It’s Mother’s Day today in the UK. What do I think being a mother is all about?
First of all I would want to say that I am beyond glad I had children. I can’t imagine how I would feel if I had got to 56 and not had children. It is amazing to see them grow up and become their own people. There are still moments where there is an overwhelming bond and connection that I don’t feel with or about anyone else.
Various little bits and pieces I picked up en route guided me in my own parenting. There is the famous film, ‘Guess who’s coming to dinner?’ 1967 where the parents say something along the lines of ….’but you owe it to us to’…… and the daughter says, ‘no, I owe it to my children to …..’ We don’t bring our children in to the world to pay us back. We bring our children in to the world to pass on the best of how we parented.
The best of how my Mother parented was to encourage us all to be the best that we could be and to search beyond our immediate world for opportunities. I think of her now when my daughter is in Australia and one son travels all over the world. The small amount of money she left behind was given to my children during their university education as she would have approved. She always said that young people need money, not old people.
The other big inspiration were and are the poems below
Children Learn What They Live
By Dorothy Law Nolte
If children live with criticism, They learn to condemn.
If children live with hostility, They learn to fight.
If children live with ridicule, They learn to be shy.
If children live with shame, They learn to feel guilty.
If children live with encouragement, They learn confidence.
If children live with tolerance, They learn to be patient.
If children live with praise, They learn to appreciate.
If children live with acceptance, They learn to love.
If children live with approval, They learn to like themselves.
If children live with honesty, They learn truthfulness.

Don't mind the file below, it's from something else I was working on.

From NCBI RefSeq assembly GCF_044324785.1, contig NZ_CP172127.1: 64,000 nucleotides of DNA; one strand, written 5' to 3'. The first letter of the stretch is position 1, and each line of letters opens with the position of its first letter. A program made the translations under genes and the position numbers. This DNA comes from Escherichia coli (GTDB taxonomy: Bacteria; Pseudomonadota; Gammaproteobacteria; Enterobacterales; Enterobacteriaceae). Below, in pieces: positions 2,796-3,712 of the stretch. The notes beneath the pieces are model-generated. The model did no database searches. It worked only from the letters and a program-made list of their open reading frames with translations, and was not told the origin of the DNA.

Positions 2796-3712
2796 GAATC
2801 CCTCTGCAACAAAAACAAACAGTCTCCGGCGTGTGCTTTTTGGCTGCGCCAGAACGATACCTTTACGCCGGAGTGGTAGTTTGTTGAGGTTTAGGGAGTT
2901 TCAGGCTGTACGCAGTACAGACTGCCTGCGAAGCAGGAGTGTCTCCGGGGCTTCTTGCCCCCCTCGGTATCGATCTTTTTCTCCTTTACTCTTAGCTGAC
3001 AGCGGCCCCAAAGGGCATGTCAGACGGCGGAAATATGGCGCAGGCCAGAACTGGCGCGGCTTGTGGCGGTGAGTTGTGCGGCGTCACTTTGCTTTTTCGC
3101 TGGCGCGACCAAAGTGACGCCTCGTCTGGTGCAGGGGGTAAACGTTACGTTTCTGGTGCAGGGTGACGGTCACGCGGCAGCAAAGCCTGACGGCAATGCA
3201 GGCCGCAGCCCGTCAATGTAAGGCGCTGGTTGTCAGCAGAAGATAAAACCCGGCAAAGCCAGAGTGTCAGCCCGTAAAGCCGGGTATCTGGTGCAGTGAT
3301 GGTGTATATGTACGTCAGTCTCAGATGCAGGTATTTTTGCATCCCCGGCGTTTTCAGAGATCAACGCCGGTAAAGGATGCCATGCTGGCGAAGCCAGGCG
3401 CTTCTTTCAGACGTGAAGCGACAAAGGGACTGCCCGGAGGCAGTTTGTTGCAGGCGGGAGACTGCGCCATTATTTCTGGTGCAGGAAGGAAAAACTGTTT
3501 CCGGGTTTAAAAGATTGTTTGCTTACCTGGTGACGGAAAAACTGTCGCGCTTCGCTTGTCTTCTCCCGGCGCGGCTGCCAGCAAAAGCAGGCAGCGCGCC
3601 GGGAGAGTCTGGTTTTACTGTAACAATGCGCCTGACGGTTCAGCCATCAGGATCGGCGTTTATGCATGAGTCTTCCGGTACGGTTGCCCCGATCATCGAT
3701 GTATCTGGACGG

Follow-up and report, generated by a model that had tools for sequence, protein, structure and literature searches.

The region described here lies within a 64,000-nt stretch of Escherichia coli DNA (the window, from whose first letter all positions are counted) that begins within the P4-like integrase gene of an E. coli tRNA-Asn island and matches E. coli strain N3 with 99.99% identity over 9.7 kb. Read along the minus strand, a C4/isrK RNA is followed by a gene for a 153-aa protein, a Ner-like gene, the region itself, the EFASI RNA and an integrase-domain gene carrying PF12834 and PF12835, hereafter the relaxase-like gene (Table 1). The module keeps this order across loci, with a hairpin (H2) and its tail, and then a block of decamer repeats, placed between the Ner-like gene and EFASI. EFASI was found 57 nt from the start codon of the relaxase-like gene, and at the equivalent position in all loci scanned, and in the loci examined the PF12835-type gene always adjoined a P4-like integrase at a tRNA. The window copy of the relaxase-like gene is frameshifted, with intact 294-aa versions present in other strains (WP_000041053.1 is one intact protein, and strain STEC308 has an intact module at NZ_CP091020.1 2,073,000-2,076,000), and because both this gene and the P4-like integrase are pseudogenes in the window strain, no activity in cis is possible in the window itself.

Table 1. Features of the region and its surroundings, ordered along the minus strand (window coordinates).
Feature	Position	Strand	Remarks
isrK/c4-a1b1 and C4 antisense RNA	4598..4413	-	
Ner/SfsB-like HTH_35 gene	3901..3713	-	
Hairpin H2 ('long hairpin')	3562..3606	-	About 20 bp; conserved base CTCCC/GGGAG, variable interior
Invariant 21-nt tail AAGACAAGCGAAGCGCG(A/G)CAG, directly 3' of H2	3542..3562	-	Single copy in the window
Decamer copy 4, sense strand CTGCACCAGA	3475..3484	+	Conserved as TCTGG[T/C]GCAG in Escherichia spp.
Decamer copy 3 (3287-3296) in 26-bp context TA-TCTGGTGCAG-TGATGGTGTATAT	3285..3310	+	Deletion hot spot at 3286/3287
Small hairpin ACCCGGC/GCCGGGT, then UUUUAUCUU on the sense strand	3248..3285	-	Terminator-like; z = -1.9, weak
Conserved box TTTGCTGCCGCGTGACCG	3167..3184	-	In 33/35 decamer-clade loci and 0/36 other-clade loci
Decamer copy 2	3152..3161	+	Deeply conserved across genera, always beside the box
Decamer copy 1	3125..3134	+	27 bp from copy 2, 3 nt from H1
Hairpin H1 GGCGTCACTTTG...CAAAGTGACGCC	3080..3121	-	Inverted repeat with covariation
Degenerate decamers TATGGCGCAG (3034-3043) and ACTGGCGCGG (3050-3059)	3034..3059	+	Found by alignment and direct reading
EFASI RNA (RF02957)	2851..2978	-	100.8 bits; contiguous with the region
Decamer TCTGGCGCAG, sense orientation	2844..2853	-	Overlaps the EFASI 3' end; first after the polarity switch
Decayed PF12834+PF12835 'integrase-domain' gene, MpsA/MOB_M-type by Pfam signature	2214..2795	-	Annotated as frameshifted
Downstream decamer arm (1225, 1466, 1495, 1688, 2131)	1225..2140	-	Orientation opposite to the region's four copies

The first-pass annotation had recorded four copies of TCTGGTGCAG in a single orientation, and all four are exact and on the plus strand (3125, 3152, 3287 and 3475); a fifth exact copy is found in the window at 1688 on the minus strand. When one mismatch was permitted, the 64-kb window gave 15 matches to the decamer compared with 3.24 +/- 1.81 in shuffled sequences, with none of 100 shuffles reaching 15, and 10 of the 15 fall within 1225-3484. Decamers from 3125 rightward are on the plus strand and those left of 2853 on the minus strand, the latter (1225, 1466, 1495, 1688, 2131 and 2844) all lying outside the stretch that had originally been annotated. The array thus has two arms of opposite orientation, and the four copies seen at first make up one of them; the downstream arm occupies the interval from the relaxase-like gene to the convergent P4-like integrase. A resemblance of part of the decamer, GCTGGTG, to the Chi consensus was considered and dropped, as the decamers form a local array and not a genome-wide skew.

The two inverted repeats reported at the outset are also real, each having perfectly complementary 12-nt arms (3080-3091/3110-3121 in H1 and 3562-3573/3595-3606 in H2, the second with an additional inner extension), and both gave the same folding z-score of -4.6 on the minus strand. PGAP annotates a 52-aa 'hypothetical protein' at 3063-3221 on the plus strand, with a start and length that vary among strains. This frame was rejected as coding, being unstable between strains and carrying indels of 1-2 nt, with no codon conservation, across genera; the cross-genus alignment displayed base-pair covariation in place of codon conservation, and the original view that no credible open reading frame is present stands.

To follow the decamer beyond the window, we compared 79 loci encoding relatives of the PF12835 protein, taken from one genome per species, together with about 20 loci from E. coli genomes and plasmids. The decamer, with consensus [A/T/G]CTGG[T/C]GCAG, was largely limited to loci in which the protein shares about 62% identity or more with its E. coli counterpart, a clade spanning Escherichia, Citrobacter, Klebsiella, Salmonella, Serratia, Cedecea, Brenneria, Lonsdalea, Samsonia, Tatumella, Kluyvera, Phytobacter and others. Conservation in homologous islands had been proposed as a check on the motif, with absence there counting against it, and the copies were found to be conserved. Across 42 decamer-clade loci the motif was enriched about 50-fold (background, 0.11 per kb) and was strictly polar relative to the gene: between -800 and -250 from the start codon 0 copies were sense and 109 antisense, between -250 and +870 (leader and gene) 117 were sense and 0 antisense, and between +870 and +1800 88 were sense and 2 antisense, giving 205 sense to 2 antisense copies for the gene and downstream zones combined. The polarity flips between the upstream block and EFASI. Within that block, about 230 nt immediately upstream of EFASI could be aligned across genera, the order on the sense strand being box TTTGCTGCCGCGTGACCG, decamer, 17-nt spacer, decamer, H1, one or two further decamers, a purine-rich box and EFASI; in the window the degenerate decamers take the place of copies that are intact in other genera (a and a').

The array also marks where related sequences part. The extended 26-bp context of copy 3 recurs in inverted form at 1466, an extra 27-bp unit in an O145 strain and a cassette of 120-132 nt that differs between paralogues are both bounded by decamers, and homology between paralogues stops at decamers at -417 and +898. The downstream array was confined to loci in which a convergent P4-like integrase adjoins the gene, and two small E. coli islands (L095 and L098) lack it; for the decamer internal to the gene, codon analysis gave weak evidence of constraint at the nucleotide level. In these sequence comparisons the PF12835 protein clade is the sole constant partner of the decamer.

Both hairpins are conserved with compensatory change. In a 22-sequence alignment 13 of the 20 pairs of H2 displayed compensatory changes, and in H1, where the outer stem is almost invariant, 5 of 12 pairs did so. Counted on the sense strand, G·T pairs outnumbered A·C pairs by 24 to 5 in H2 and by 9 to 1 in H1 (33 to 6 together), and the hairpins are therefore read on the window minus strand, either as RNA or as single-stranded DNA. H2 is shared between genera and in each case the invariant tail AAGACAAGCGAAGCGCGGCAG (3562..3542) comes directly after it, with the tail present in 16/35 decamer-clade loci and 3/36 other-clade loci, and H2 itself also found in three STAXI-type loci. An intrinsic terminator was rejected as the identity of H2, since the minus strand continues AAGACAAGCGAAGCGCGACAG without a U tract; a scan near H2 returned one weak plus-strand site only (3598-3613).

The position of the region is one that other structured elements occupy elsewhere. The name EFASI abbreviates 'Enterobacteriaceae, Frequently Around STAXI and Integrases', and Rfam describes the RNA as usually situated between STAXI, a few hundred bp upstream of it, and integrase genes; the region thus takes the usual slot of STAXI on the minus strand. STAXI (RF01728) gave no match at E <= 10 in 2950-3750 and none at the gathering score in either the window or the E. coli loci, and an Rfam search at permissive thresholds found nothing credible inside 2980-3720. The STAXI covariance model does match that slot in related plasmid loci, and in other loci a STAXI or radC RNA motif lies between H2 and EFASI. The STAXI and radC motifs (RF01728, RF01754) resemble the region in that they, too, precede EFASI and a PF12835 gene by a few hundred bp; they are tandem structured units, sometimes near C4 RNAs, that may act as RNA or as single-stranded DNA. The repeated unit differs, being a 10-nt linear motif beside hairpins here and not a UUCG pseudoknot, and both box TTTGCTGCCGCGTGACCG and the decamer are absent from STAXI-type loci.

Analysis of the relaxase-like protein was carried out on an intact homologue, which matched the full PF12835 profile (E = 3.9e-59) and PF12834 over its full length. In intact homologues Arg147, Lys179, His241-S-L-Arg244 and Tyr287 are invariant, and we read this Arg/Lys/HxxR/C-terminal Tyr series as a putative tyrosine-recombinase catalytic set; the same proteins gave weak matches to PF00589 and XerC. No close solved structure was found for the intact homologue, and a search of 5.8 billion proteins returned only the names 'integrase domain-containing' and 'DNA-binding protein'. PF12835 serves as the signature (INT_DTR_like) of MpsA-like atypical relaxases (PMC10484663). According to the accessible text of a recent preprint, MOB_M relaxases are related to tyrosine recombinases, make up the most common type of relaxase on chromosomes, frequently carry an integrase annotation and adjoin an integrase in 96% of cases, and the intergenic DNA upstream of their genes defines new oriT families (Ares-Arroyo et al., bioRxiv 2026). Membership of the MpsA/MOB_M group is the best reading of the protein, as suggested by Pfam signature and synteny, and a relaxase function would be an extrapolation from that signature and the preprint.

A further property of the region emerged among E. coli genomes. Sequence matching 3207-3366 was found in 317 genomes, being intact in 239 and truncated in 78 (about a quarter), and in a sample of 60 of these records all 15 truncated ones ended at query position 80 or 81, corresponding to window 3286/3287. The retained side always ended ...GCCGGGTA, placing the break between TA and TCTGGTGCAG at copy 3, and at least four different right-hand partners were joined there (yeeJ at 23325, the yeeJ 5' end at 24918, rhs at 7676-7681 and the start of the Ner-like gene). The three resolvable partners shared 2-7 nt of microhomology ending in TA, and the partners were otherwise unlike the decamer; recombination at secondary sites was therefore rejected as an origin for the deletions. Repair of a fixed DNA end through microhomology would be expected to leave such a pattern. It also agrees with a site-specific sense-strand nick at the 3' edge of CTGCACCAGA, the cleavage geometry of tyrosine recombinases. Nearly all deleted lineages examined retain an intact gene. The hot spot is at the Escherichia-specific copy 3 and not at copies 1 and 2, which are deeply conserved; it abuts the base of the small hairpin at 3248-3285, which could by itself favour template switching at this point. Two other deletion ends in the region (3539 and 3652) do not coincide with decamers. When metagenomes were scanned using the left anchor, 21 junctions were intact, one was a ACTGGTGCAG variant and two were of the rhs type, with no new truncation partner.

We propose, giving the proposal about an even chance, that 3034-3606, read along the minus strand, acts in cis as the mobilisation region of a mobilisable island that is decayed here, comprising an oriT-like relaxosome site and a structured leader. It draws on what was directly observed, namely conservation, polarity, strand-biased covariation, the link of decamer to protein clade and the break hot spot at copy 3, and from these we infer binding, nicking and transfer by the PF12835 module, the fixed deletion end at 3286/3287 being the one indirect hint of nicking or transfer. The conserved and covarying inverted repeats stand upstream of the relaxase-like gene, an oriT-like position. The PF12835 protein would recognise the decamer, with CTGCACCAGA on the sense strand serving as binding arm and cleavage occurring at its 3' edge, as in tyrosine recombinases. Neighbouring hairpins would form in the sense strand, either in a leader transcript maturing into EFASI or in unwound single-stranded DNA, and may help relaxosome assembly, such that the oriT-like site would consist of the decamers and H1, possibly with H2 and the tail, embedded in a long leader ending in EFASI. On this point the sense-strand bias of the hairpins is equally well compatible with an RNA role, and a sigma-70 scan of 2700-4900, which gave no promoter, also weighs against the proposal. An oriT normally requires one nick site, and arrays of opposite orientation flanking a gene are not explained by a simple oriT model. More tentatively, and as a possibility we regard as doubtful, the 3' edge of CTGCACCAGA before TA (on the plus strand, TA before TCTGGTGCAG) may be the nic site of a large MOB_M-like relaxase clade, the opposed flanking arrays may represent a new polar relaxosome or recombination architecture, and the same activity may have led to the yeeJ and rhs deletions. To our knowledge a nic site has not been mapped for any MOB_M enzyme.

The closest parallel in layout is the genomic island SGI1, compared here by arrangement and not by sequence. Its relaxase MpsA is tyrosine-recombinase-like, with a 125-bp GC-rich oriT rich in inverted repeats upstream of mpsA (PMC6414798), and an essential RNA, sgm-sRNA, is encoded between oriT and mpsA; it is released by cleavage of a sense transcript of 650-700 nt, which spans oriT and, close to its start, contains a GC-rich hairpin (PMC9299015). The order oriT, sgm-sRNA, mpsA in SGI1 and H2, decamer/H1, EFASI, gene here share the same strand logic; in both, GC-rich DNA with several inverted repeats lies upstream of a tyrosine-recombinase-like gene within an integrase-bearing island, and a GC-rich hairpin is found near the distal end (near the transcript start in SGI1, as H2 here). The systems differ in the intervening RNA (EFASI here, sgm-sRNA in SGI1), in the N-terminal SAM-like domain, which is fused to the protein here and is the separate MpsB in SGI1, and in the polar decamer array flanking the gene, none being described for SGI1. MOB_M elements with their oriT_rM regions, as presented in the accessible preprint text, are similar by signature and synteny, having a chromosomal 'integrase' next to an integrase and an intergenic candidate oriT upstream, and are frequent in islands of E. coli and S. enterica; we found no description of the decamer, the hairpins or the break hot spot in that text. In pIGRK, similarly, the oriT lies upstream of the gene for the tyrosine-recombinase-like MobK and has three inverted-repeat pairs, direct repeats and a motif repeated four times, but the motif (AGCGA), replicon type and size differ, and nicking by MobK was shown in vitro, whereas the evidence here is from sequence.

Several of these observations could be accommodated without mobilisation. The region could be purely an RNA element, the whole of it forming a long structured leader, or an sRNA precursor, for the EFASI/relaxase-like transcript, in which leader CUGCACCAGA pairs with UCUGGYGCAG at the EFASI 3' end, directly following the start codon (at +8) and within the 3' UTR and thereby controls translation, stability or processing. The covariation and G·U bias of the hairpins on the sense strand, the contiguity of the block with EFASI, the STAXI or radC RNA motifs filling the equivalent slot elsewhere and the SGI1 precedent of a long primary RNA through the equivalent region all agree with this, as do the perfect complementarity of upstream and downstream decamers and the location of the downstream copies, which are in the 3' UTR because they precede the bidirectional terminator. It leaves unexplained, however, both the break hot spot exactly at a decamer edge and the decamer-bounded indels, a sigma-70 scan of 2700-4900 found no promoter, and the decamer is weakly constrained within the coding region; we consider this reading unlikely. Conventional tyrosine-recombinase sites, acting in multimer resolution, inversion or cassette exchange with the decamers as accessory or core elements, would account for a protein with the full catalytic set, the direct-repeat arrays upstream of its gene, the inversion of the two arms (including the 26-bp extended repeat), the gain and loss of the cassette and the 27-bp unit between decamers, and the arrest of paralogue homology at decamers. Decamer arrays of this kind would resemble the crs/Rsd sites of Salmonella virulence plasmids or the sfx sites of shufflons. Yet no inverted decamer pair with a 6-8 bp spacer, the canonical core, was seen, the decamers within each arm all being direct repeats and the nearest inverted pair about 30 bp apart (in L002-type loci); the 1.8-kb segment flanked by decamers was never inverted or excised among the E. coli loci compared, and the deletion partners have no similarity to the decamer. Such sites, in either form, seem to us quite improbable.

If children live with security, They learn to have faith in themselves and others.
If children live with friendliness, They learn the world is a nice place in which to live.
Copyright © 1972/1975 by Dorothy Law Nolte This is the author-approved short version.
by Kahlil Gibran
Your children are not your children.
They are the sons and daughters of Life’s longing for itself.
They come through you but not from you,
And though they are with you, yet they belong not to you.
You may give them your love but not your thoughts.
For they have their own thoughts.
You may house their bodies but not their souls,
For their souls dwell in the house of tomorrow, which you cannot visit, not even in your dreams.
You may strive to be like them, but seek not to make them like you.
For life goes not backward nor tarries with yesterday.
You are the bows from which your children as living arrows are sent forth.
The archer sees the mark upon the path of the infinite, and He bends you with His might that His arrows may go swift and far.
Let your bending in the archer’s hand be for gladness;
For even as He loves the arrow that flies, so He loves also the bow that is stable.
Often we talk about being ‘good enough’. I hope I have been a ‘good enough’ parent. My children have variously described me as, ‘not the sort of mother who bakes cakes’, but ‘very loving’.
Do you remember after having the first child and then thinking you could never possibly love another child as much? And then you do because love is one of those things that effortlessly expands. Let us thank all of our Gods for that.